Stewart, of the Council of Graduate Schools, can think of three possibilities. Perhaps, she says, the credit crunch has hit the ability of students to obtain educational loans. Perhaps public universities, struggling due to the state budget implosions occurring across the country, are cutting back on teaching assistantships (which typically hold a graduate student’s body and soul together). Or perhaps young people fear this recession is so bad that they’d better cling to whatever job they currently have, lest there not be another. It’s all speculation, Stewart cautions—her organization plans to keep monitoring the numbers as more data emerges next year. But certainly it’s enough to trouble anyone who thinks this country needs to be producing more scientists: The free market may well have other plans.

Indeed, I couldn’t help thinking about the latest graduate student numbers in the context of another finding: In 2007, the last year for which figures are currently available, the total number of science and engineering PhDs produced in this country rose for the fifth year in a row. Since 2002, it has grown from 24,608 to 31,801, nearly a 30 percent increase. This might seem a hopeful development, but it’s important to note that it’s another “free market” result: According to Stewart, it largely reflects the fact that in the late 1990s, international student enrollment in U.S. universities boomed, and now many of those people are getting their degrees. And what the market gives, the market taketh away. If people are afraid to leap to grad school during the current severe recession, maybe a decade from now we’ll see a noticeable decline in PhDs.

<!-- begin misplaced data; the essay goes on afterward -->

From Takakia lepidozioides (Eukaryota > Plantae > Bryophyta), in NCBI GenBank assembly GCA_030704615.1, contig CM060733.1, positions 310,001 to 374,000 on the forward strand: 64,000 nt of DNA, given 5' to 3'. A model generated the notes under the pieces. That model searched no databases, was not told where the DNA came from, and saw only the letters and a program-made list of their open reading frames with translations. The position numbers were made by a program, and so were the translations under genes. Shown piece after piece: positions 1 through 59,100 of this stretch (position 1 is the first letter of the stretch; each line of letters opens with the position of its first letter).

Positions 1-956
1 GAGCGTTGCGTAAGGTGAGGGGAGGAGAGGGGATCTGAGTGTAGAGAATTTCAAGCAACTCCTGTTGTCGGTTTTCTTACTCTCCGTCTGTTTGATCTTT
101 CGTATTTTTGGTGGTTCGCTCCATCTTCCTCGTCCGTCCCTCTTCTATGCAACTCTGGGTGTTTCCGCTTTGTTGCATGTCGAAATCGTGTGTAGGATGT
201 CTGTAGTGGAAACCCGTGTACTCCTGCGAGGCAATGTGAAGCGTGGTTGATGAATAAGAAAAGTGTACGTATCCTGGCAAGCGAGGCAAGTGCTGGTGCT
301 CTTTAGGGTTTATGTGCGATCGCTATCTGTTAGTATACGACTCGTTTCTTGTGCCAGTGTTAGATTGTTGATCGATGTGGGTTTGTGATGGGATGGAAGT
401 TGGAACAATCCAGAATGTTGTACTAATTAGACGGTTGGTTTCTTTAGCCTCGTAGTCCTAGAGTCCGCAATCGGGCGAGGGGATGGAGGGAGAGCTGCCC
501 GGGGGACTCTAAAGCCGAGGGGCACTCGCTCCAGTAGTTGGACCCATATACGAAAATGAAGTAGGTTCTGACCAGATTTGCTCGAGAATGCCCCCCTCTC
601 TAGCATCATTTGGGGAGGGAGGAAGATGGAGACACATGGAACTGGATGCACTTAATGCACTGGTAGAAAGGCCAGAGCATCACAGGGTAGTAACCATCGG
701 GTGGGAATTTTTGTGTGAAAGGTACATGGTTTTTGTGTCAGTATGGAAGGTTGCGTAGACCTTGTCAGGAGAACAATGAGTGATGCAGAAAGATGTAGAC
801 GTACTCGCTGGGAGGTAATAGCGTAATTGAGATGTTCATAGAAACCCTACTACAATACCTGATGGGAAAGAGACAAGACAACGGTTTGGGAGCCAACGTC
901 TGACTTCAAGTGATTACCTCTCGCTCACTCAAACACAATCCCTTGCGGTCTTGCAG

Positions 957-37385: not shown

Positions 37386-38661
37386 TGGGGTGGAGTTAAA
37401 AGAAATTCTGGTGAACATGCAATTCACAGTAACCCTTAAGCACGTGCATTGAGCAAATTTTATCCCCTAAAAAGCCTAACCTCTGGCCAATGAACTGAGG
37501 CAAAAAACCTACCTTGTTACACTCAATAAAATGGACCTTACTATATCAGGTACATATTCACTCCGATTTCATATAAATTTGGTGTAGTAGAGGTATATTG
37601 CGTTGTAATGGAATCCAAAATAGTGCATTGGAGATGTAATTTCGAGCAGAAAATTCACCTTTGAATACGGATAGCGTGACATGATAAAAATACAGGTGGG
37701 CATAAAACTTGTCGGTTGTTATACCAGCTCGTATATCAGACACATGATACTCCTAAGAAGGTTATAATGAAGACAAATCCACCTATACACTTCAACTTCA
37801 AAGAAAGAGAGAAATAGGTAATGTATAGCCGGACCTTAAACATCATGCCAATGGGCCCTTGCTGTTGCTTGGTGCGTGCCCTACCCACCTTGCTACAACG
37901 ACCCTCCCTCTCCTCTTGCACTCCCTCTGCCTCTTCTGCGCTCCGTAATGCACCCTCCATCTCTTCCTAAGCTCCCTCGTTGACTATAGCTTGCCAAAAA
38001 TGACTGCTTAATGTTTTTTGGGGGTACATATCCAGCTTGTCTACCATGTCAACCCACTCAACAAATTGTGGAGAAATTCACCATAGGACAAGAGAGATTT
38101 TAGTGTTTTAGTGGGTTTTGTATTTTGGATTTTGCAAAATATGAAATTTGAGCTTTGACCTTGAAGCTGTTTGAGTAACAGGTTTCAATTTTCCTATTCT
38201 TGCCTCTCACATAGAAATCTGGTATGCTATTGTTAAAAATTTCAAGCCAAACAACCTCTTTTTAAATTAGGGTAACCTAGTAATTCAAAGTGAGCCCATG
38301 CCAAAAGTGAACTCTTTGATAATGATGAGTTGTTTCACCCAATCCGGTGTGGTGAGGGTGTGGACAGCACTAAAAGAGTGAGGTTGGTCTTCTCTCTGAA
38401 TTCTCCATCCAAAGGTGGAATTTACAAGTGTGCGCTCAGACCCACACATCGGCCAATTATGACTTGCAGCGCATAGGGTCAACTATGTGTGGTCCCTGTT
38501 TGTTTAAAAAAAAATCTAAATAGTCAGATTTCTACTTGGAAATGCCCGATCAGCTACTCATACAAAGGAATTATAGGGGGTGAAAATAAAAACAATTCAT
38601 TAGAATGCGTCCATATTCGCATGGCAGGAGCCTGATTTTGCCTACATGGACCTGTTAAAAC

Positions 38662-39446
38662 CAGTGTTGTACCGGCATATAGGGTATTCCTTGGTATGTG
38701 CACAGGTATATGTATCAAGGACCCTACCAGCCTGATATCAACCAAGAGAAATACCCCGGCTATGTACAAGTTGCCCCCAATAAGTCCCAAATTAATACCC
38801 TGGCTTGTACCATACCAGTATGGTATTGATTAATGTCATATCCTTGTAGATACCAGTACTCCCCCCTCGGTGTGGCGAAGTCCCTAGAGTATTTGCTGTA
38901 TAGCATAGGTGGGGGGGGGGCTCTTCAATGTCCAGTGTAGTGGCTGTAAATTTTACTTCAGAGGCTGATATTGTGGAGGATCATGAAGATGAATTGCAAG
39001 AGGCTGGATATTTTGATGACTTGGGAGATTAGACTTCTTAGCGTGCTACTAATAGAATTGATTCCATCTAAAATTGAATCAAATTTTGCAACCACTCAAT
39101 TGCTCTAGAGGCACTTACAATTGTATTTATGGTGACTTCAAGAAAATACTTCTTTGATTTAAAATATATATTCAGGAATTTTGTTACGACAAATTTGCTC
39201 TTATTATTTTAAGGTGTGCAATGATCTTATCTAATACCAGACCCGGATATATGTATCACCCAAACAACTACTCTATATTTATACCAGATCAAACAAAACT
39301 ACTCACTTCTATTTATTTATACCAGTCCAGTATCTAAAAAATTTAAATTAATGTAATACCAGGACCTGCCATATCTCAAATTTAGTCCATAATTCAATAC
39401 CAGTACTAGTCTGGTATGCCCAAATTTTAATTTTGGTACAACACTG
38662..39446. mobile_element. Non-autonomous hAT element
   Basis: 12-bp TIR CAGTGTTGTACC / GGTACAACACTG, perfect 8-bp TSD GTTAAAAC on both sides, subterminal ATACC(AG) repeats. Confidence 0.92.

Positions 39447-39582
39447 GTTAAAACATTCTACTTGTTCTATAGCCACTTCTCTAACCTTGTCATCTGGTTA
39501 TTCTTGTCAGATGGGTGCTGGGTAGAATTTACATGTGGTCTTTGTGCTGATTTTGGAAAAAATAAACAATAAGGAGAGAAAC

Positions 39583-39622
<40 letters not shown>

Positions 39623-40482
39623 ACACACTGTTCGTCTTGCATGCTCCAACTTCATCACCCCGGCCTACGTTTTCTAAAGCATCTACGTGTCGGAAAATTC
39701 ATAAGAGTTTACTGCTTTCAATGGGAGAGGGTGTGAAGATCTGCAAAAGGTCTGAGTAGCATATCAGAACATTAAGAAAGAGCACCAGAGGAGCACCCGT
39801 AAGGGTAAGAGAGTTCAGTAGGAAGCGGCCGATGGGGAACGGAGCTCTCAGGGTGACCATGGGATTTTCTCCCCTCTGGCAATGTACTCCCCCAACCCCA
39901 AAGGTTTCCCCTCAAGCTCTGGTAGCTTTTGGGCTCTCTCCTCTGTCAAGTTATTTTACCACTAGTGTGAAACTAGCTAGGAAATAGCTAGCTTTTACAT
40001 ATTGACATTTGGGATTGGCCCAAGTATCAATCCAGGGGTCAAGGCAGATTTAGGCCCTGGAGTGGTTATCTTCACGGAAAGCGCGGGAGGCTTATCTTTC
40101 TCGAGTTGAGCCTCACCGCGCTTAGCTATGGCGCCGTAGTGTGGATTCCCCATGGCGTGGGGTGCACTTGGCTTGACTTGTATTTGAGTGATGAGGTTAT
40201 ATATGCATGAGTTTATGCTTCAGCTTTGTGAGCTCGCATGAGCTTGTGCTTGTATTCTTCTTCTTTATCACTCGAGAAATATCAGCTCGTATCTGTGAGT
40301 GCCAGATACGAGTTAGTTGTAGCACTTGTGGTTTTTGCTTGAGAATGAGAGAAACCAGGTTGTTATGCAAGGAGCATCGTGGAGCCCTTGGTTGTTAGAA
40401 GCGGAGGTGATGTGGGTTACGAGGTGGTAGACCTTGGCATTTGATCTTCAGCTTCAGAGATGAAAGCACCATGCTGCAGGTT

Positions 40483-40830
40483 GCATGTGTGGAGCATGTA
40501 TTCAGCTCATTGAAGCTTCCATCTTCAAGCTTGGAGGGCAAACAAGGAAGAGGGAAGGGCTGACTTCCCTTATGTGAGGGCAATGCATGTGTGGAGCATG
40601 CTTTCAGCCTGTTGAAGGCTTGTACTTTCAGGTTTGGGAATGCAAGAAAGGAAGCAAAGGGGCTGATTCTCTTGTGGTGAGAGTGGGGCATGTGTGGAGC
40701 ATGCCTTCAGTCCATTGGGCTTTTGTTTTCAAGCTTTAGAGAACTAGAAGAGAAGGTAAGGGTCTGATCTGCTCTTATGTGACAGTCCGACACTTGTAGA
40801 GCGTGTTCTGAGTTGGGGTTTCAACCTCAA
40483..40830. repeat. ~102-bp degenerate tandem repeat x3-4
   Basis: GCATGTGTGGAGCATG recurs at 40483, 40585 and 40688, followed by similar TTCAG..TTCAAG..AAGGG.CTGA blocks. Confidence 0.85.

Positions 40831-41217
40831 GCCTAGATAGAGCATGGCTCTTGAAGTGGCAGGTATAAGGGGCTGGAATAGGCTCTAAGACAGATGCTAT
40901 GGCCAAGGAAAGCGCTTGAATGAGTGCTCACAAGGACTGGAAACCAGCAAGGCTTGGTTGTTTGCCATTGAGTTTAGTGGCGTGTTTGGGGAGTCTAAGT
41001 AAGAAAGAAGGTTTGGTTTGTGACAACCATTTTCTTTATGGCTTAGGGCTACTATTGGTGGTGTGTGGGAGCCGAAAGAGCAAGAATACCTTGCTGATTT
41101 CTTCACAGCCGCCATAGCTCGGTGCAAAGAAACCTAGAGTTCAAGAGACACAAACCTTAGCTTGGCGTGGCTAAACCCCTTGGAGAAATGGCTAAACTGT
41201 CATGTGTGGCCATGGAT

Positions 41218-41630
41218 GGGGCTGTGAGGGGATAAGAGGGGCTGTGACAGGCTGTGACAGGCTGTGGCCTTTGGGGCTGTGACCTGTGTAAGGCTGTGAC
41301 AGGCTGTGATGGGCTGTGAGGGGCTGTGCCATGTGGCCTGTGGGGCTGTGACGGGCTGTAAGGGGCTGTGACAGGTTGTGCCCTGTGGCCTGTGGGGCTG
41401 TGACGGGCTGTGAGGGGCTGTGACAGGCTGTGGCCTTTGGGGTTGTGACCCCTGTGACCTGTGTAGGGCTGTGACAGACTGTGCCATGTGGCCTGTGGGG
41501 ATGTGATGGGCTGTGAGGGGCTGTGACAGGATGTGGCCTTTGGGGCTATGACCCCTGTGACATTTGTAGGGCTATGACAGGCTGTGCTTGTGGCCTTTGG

The point is, if we really want to improve our scientific competitiveness and ensure that we can develop low-emissions energy technologies we can then share with less-developed nations, we need a concerted government effort. We need to fully fund the America Competes Act. We need the modern equivalent of the 1958 National Defense Education Act, which greatly spurred higher ed enrollments in science and engineering. We can’t just wait for it to magically happen on its own, or assume that it will emerge as a kind of silver lining from the current downturn.

My coblogger and scientific lifeline to pop culture, Sheril Kirshenbaum, likes to use a Simpsons clip to explain the meaning of higher education. Bart has just cut the ponytail off of the person seated in front of him in a movie theater, and is waving it around behind his head. “Look at me, I’m a grad student,” he says. “I’m thirty years old and I made 600 dollars last year.”

“Bart,” Marge scolds him. “Don’t make fun of grad students. They just made a terrible life choice.”

Or have they? It may well be that individual graduate students out there, or potential graduate students, are making very rational life choices in the context of the broader economic environment that they perceive. If we want that to change, or for them to move in a particular direction, we have to take steps as a society to make it happen.

Chris Mooney is contributing editor to Science Progress and author of several books, including The Republican War on Science and the forthcoming Unscientific America: How Scientific Illiteracy Threatens Our Future, co-authored by Sheril Kirshenbaum. He and Kirshenbaum blog at “The Intersection.”